Bionic FrogEasily the most contentious and controversial blog posting of the year in Washington wine, Wine Peeps take on Cayuse generated a volume of comments not normally seen unless Justin Bieber is involved. The burning question: Are the wines of Cayuse a unique expression of Washington terroir (a word so beaten to death and co-opted by marketers I would like to see it retired) or are they flawed? Wine Peeps side with the latter. I have zero intention of rehashing the debate (feel free to block off an afternoon to read all the comments) but I advise you to consider the spirited counterpoint to the arguments put forth by Wine Peeps in Sean Sullivan’s Washington Wine Report.

So what was my take on all this after plowing through the science, the tasting notes, the passion, the vitriol, the laughter, the tears? I really, really wanted to try Cayuse and decide for myself. It took about a month and a half post-Cayusegate, but I got the chance recently. Thanks to providence and generosity of our owner, the staff at Esquin got to sample the 2006 Cayuse Bionic Frog Syrah. Though I did not have a lab at my disposal to evaluate the soundness of the wine, I was in full possession of my taste buds and my highly subjective opinion.

First, what did the heavy-hitters of the professional wine world, The Wine Spectator and The Wine Advocate, think of the 06 Frog? Suitably impressed: 96 and 99 points, respectively. While I’m not one to rate wines on the 100 point scale, or any scale, I trust these stalwarts to ably tally up their score cards. I do, however, have to vehemently disagree with possibly the most jaw-dropping sentence I have ever read in a wine review, courtesy of Jay Miller: “Imagine having to choose between your ideal fantasy sexual partner and this wine–and you choose The Frog!” Jay, you can have the bottle and I’ll take Scarlett Johansson.

My take on the Bionic Frog? Three word review: I liked it. But allow me to elaborate. It’s probably the meatiest wine I have ever tasted. If you like your Syrah on the earthy/gamy side, this is for you. My critique of the wine is that it’s missing something from the other end of the spectrum: fruit. I’m not sure how many people in the general wine-drinking public would like a wine that leans so heavily towards one end of the spectrum of flavors. Regardless, the Bionic Frog is one of the most interesting and unique Washington wines I’ve ever tasted. And I’m not being pejorative (or cowardly) here; “interesting” and “unique” are not euphemisms for negative remarks.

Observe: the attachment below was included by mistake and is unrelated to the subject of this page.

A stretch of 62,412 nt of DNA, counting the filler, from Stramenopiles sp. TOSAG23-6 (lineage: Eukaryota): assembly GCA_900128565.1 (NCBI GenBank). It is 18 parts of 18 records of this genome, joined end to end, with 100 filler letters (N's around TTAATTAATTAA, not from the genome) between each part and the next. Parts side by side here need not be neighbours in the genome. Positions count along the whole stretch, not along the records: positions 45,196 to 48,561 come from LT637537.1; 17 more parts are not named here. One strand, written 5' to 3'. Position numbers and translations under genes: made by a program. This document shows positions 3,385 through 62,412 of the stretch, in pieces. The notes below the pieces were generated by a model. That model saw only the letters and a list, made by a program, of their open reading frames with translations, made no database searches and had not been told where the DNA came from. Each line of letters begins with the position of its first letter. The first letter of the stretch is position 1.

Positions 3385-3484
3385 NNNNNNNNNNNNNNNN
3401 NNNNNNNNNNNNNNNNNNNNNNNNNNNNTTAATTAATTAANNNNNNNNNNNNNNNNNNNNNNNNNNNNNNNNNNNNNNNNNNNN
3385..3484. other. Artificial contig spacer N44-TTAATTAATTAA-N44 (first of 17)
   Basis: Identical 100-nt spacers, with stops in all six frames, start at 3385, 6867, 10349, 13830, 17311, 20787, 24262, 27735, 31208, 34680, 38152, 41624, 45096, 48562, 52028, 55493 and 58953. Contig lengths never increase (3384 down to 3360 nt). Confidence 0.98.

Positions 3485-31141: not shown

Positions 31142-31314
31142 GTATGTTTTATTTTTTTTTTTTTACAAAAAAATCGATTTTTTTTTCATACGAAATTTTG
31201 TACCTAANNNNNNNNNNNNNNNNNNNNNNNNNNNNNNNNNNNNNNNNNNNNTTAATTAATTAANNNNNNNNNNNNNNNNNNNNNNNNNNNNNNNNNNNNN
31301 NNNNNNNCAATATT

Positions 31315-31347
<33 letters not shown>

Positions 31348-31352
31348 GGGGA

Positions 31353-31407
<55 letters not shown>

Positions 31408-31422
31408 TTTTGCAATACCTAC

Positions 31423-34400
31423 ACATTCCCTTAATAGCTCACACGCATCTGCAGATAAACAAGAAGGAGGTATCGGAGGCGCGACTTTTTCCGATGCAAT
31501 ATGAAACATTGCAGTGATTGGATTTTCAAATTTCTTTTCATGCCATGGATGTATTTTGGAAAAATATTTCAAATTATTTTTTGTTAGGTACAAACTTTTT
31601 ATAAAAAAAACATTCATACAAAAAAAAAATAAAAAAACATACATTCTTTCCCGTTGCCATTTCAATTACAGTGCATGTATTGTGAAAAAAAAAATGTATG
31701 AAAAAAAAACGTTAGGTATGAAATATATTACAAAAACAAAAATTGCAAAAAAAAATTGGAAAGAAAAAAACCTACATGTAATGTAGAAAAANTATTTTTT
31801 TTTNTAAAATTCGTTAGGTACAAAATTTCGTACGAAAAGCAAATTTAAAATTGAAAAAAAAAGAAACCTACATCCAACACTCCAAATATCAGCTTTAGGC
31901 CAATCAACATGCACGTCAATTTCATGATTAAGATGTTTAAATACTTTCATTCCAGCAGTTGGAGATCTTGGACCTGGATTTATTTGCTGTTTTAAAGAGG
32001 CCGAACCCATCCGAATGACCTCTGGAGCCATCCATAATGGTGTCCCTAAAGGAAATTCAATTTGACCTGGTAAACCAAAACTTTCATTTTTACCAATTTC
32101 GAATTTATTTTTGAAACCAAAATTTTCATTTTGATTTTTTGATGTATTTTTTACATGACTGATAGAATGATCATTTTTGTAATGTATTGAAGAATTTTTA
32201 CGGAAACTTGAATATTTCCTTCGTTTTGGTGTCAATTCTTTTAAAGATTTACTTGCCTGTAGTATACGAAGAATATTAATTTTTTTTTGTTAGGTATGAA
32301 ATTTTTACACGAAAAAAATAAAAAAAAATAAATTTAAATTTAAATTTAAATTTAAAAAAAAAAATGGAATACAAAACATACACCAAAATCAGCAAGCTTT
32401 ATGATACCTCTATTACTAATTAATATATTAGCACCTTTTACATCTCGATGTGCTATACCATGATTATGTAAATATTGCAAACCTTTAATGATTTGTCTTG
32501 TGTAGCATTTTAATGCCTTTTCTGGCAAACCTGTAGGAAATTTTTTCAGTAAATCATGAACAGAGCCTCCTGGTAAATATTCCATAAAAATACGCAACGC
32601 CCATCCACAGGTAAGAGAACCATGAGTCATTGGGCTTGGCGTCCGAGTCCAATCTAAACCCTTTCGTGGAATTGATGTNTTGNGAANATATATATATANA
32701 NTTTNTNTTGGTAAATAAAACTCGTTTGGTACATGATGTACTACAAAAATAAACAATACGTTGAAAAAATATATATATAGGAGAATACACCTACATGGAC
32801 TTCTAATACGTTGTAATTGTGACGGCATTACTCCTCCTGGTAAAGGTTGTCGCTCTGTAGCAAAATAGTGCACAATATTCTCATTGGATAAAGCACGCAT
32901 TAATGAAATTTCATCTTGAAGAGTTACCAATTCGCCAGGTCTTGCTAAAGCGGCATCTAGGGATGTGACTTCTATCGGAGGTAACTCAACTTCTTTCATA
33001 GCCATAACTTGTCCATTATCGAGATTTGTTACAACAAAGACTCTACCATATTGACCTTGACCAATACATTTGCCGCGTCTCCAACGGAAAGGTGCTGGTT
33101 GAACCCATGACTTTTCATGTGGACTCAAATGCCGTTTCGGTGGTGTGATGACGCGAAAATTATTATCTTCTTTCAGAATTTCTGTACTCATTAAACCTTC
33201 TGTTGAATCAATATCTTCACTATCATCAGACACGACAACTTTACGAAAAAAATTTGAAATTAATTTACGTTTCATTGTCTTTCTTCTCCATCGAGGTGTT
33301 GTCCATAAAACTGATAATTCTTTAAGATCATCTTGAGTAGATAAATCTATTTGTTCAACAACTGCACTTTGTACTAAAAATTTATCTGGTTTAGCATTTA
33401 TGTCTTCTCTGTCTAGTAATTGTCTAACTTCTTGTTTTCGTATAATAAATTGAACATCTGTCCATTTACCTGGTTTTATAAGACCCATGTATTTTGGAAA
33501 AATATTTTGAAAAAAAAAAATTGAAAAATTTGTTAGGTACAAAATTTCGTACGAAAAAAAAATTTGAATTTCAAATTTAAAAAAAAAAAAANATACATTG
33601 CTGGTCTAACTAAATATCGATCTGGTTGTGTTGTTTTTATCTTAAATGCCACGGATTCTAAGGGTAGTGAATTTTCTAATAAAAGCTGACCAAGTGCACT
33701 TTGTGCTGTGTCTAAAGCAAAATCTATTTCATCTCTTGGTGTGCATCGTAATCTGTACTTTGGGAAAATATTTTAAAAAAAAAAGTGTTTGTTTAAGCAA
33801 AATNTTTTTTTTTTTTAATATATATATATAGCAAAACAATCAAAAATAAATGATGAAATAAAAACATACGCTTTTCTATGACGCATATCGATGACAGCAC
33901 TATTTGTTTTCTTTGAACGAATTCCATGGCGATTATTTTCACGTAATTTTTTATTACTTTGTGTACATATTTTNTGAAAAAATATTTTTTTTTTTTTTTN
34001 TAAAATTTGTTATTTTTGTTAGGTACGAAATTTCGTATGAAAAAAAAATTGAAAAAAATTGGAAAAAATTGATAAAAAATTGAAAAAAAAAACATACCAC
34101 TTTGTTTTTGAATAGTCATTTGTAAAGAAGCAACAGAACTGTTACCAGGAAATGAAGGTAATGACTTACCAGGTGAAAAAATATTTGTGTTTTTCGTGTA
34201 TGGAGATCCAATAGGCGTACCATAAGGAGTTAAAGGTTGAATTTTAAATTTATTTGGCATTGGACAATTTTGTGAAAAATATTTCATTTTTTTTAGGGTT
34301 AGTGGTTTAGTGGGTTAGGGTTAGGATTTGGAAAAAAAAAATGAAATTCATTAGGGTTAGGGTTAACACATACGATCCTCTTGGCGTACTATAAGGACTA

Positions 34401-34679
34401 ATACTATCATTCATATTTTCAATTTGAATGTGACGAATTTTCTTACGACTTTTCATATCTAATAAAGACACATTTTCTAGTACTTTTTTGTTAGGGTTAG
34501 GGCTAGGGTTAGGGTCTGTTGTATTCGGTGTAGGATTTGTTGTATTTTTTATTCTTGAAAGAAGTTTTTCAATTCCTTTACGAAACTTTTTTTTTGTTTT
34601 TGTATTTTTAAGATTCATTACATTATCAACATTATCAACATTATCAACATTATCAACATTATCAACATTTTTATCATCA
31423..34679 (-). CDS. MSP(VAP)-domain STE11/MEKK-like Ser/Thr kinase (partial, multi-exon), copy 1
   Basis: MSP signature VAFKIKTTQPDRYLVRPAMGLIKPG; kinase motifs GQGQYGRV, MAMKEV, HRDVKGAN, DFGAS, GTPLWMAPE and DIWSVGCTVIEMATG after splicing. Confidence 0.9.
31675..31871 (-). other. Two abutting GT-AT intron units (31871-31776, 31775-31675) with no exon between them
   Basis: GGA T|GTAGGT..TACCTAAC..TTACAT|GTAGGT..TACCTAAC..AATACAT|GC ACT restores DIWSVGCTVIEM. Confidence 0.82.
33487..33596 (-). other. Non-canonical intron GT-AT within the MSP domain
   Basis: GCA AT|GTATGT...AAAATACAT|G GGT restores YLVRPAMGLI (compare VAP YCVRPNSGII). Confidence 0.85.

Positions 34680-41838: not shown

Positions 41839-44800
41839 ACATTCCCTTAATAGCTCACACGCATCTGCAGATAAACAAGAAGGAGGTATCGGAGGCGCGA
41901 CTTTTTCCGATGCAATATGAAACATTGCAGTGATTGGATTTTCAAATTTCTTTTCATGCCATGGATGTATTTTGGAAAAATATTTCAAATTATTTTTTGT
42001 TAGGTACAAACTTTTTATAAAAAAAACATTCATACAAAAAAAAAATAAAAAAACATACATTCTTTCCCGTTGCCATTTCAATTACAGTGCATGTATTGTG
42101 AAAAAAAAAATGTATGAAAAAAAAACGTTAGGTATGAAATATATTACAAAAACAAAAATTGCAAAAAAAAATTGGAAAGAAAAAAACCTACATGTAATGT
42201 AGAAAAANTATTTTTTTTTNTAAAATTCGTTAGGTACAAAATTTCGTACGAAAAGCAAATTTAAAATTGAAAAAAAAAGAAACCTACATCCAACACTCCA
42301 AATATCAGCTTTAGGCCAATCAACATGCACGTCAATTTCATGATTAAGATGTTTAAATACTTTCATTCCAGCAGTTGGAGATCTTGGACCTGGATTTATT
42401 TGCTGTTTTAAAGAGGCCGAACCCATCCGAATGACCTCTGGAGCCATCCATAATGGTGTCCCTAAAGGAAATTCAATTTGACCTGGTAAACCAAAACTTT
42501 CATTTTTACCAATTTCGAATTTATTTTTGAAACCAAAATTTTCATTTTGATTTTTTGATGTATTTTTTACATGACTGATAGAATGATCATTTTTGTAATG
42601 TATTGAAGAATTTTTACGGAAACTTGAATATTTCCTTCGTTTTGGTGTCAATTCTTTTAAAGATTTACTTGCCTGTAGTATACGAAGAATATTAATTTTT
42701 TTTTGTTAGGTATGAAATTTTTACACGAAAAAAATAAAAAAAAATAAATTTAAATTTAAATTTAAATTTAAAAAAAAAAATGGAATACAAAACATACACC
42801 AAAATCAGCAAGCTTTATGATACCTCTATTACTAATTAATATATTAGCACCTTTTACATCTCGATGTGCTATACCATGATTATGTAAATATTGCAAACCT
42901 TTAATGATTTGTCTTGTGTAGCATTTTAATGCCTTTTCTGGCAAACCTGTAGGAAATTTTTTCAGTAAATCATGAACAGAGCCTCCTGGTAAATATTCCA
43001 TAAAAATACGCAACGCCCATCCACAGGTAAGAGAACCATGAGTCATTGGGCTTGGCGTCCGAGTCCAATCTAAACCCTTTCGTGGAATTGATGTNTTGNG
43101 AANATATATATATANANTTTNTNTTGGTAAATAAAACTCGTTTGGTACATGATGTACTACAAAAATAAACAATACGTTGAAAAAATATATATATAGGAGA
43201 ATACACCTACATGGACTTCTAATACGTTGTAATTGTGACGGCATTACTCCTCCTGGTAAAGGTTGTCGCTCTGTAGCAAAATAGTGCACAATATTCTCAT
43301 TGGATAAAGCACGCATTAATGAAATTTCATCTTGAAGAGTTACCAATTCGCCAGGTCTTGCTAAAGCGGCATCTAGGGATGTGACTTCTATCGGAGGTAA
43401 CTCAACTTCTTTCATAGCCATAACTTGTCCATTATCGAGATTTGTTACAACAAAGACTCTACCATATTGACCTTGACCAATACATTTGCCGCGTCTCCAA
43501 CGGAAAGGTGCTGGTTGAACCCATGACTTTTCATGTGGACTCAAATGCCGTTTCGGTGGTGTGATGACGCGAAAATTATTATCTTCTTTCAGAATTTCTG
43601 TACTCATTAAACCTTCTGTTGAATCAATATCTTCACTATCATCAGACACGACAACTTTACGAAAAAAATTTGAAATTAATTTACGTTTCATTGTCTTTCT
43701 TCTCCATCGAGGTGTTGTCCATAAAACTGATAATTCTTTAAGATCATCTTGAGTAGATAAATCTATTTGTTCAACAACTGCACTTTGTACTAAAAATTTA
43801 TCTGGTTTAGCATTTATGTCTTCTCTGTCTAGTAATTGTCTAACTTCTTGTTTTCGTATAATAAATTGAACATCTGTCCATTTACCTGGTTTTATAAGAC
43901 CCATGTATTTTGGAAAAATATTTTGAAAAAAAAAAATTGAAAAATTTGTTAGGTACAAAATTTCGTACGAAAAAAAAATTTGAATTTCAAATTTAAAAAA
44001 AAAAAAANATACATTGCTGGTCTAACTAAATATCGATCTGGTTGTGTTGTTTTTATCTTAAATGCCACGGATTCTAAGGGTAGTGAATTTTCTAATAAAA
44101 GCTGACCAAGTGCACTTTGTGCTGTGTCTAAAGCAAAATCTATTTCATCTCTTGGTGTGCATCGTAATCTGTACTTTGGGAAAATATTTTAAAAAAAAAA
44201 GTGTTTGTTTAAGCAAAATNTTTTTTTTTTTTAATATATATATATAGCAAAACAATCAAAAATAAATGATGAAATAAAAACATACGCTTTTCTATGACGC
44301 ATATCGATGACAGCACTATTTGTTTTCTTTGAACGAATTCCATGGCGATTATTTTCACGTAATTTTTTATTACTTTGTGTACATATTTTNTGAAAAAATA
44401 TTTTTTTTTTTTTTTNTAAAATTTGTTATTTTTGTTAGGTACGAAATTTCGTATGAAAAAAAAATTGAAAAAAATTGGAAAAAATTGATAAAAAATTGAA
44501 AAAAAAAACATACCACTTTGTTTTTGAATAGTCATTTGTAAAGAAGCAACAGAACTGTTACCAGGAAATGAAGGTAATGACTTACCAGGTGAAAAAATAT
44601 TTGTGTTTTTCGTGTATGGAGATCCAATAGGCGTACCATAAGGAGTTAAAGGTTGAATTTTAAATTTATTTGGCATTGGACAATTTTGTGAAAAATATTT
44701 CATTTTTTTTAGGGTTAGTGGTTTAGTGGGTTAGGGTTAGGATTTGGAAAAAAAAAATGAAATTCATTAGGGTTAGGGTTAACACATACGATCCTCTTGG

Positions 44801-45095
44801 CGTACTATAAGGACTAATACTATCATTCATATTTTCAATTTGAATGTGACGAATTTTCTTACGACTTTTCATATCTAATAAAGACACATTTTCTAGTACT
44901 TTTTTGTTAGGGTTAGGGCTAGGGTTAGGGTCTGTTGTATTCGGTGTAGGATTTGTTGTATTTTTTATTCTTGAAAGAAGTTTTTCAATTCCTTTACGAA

What would be really cool (and this is something that Sean covers) is to taste all the wines made from fruit in The Rocks area of the Walla Walla Valley AVA. I know each vineyard site is specific and has different soils, slopes, and blah blah blah. But I’d like to get a general handle on how much site influences the wines and how much winemaking has an impact on flavor.

I’m not going to paint Cayuse with a wide brushstroke after sampling one bottle, but (you knew this was coming) I didn’t think it was flawed. The Bionic Frog is not made to be crowd-pleasing and this style of wine is polarizing–even amongst experienced wine-tasters. But with critical accolades and a wait list longer than the one for Green Bay Packers season tickets, Winemaker Christophe Baron isn’t losing any sleep over his critics.

So what’s your take on Cayuse? You can also read the thoughts of my coworker Justin on this same bottle at Bottle Variations.